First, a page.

Howie Kurtz has a blurb about Mormons in the media. Mormons are not happy about their portrayal in the media. I’d like to muster up an ounce of concern, but I’ve seen the same ignorance in their portrayal of Muslims, even going so far as to assume that all Arabs/Middle Easterners are Muslims which is so not the case. So, it was with slight amusement I read stuff like this:
In reading coverage of Mormon matters, says Stromberg, a former Washington Post editorial writer, journalists “get details wrong all the time, to make the church look totally nuts. It seems like the writer might be trying to hint, ‘My gosh, look at these crazy people.’ “
You can easily put Islam in there and nothing would change. Especially if the writer is a conservative or an elected official (Virgil Goode anyone?). Think of all the stuff you learned about Islam via a news outlet. I can tell you, that 90% of it is probably flat out wrong, and the other 10% is shaky at best. I mean, there are still people actually believe that Muslims don’t believe in God. Isn’t that just stupid? I can probably see understand if it was 1674, but after that, there really is no excuse for the continued ignorance.
“What bothers me about the coverage is that journalists usually go to experts in other faiths,” he says.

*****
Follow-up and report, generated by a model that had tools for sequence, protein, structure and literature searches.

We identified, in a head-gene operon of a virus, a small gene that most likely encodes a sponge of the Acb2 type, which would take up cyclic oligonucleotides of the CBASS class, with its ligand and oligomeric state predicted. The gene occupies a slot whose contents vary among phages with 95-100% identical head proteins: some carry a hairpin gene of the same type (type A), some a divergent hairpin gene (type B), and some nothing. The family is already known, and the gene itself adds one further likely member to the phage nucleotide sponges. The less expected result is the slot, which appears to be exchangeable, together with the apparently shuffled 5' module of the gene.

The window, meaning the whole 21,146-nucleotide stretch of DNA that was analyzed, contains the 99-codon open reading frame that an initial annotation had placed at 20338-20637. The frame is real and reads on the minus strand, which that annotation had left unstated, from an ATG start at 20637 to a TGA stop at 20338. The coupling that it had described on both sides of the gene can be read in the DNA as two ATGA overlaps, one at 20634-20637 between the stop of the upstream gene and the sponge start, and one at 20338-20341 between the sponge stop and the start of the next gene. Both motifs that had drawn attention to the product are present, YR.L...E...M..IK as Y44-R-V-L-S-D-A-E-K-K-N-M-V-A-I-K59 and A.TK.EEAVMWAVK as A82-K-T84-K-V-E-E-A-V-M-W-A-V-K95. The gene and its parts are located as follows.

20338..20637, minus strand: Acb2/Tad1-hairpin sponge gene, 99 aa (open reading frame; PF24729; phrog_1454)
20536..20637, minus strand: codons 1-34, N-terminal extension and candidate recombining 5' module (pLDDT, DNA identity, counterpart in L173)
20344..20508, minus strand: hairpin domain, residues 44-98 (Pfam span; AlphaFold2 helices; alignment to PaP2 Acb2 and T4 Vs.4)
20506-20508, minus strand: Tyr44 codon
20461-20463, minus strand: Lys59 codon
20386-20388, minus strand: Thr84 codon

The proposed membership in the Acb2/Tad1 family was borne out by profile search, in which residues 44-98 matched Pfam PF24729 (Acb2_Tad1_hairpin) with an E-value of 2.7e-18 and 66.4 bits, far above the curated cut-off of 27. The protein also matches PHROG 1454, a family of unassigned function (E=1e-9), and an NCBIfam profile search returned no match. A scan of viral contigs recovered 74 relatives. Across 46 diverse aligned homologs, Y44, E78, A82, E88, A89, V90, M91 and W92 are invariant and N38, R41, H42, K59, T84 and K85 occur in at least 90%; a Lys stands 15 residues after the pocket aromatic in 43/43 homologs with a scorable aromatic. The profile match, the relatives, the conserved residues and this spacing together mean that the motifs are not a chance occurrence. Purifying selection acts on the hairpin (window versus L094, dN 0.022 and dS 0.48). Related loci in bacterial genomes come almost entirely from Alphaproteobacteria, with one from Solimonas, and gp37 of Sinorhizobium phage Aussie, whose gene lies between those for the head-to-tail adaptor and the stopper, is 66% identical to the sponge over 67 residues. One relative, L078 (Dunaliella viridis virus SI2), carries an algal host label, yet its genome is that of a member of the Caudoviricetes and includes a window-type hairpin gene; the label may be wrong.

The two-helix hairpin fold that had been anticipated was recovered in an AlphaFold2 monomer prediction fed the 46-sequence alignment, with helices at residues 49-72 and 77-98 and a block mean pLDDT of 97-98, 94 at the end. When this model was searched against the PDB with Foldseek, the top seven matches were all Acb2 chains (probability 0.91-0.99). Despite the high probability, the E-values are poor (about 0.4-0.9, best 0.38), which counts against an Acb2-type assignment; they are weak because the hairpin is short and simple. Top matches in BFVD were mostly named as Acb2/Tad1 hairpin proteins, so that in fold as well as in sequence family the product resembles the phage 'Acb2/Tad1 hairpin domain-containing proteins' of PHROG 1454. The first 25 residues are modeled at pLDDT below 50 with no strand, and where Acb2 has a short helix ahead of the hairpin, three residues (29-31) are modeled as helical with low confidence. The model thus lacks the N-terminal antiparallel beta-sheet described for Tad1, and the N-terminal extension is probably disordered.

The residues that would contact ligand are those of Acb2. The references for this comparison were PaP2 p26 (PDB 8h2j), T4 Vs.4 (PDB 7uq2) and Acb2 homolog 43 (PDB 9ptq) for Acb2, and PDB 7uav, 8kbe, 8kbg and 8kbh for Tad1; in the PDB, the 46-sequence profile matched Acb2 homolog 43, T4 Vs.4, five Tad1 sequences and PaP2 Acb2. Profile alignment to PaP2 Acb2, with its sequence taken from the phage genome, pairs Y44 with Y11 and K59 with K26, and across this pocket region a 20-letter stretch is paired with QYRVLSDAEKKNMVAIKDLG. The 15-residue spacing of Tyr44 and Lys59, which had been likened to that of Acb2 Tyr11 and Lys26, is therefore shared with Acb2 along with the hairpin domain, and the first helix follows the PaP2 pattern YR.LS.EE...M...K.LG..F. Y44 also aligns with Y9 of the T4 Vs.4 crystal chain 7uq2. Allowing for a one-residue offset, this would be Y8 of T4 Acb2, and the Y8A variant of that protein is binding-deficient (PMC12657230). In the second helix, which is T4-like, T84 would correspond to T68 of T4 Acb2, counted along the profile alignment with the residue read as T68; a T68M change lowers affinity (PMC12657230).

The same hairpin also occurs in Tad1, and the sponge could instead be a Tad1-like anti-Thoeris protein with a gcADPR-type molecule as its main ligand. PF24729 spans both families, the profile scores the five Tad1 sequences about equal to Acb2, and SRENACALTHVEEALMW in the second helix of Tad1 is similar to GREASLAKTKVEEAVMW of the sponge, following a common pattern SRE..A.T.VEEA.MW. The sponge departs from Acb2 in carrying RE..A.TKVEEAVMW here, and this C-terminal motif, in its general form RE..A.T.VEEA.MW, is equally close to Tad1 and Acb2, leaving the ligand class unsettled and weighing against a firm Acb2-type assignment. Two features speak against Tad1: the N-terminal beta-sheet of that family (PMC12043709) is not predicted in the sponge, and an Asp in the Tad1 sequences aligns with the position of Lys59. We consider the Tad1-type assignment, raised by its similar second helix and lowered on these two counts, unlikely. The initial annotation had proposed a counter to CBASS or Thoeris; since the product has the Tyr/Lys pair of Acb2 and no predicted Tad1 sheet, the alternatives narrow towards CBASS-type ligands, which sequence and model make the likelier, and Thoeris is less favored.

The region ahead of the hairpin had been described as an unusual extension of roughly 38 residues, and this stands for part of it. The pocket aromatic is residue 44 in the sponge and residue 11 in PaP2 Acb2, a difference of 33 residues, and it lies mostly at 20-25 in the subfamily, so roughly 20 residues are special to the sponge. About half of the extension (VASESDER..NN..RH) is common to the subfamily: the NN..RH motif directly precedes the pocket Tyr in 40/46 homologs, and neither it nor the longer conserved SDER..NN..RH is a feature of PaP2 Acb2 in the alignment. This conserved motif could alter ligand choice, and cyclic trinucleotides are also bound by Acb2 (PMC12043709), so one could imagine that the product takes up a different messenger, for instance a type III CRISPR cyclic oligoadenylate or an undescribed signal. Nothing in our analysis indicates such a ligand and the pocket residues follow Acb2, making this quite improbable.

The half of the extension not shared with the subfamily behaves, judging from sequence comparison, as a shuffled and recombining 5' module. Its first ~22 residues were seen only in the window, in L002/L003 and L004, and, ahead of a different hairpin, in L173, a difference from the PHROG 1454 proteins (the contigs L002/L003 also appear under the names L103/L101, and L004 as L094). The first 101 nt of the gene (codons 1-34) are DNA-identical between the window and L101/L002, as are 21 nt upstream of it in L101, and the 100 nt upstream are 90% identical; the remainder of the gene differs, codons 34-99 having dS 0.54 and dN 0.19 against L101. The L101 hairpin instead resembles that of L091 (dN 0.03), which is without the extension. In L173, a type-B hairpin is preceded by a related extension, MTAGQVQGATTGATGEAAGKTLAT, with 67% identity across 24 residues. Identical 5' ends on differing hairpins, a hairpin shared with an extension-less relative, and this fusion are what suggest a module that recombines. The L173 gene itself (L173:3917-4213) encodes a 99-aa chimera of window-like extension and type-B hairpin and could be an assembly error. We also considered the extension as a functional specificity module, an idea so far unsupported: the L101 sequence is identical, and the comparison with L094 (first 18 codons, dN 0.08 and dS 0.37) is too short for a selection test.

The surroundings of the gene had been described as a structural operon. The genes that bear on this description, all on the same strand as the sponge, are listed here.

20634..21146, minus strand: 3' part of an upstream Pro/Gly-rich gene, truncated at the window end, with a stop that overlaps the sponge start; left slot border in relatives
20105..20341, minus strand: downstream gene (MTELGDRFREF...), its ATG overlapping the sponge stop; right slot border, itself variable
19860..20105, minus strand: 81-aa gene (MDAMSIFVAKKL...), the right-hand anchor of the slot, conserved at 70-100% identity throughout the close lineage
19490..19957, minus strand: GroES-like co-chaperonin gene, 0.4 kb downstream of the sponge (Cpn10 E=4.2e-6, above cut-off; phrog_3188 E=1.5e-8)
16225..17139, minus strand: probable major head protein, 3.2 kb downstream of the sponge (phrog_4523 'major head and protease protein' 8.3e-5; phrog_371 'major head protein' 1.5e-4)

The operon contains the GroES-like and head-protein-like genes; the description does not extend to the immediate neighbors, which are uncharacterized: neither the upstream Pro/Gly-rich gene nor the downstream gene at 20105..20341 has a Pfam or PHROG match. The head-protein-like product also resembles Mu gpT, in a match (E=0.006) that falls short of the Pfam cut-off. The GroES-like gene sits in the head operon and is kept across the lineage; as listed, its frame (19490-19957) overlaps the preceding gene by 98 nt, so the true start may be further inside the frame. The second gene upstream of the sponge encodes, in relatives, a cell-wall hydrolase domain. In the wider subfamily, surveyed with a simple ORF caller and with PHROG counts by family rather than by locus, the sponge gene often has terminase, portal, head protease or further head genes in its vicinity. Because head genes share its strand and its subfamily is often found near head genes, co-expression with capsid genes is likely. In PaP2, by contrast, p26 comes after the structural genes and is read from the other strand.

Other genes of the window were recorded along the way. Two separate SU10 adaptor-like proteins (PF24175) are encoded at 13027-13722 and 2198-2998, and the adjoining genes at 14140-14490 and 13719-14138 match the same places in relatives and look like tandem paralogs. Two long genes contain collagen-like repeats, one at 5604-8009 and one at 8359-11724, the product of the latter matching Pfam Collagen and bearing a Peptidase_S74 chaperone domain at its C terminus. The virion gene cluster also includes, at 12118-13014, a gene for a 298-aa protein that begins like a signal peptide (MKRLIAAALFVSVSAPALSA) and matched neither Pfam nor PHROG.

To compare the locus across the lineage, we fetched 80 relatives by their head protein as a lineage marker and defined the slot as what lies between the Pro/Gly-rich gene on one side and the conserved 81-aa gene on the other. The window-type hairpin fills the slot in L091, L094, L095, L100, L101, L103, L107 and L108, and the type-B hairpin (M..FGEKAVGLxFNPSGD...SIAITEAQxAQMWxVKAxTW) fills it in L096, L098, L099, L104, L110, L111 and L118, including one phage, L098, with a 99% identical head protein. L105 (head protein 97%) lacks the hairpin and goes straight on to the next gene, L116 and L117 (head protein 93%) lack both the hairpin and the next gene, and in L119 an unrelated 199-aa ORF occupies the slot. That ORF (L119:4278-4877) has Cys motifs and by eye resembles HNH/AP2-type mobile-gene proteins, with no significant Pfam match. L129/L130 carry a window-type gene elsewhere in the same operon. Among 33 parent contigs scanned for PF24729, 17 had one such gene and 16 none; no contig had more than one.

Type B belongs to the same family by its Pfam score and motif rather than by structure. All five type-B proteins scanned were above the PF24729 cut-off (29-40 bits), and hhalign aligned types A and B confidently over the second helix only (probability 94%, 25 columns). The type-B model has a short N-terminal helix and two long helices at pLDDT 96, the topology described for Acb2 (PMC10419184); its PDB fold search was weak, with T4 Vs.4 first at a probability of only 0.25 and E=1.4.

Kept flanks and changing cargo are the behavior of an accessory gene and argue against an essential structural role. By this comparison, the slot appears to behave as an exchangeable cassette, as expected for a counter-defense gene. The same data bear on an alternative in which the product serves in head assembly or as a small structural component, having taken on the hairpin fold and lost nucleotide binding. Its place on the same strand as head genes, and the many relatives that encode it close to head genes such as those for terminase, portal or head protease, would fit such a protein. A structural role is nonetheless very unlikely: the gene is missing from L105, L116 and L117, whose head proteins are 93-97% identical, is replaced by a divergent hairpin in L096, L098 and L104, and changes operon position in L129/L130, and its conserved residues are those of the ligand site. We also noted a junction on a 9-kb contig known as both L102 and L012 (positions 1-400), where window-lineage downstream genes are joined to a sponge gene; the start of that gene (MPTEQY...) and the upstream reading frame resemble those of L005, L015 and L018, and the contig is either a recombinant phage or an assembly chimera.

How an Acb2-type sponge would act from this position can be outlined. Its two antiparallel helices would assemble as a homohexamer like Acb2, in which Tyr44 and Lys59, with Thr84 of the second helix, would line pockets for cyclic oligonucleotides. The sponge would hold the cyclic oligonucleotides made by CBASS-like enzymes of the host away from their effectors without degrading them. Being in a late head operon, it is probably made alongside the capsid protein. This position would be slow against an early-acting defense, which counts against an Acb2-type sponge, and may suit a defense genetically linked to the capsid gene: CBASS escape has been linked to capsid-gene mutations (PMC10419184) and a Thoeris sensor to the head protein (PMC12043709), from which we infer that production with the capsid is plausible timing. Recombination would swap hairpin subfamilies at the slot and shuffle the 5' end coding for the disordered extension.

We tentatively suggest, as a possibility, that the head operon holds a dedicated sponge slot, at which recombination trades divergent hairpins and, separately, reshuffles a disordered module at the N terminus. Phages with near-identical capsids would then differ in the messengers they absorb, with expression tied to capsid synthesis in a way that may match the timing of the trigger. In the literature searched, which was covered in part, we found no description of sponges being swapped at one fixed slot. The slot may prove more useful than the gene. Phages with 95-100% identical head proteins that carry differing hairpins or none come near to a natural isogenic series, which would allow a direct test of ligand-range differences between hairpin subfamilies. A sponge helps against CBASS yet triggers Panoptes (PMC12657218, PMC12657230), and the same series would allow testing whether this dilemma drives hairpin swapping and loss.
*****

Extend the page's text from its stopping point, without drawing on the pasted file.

Uh-huh…get used to that. If I see another article in the LA Times, slamming Islam written by a some fundamentalist Jew or Christian I’m going to scream. Oh sure, the LA Times is good about getting Dr. Hathout on record for minor issues or LA related issues, but look at national or international issues…where are the Muslims? You’ll have a professor of Theology quoted, an Indian woman who may or may not be Muslim, and conservative pundits, but very few Muslims. Meanwhile, a cursory glance at press releases from mosques and Islamic organizations worldwide, will give exact quotes and there’s nothing in the media.
“Some Mormons feel picked on in the press and are sensitive about what they read about the church,” Soukup says.
Still, she doesn’t feel hindered by her religion. “I felt it almost opened more doors for me because people were curious,” she says.
Good for her. I don’t think a Muslim woman in the country will ever have similar opportunities in the world of journalism.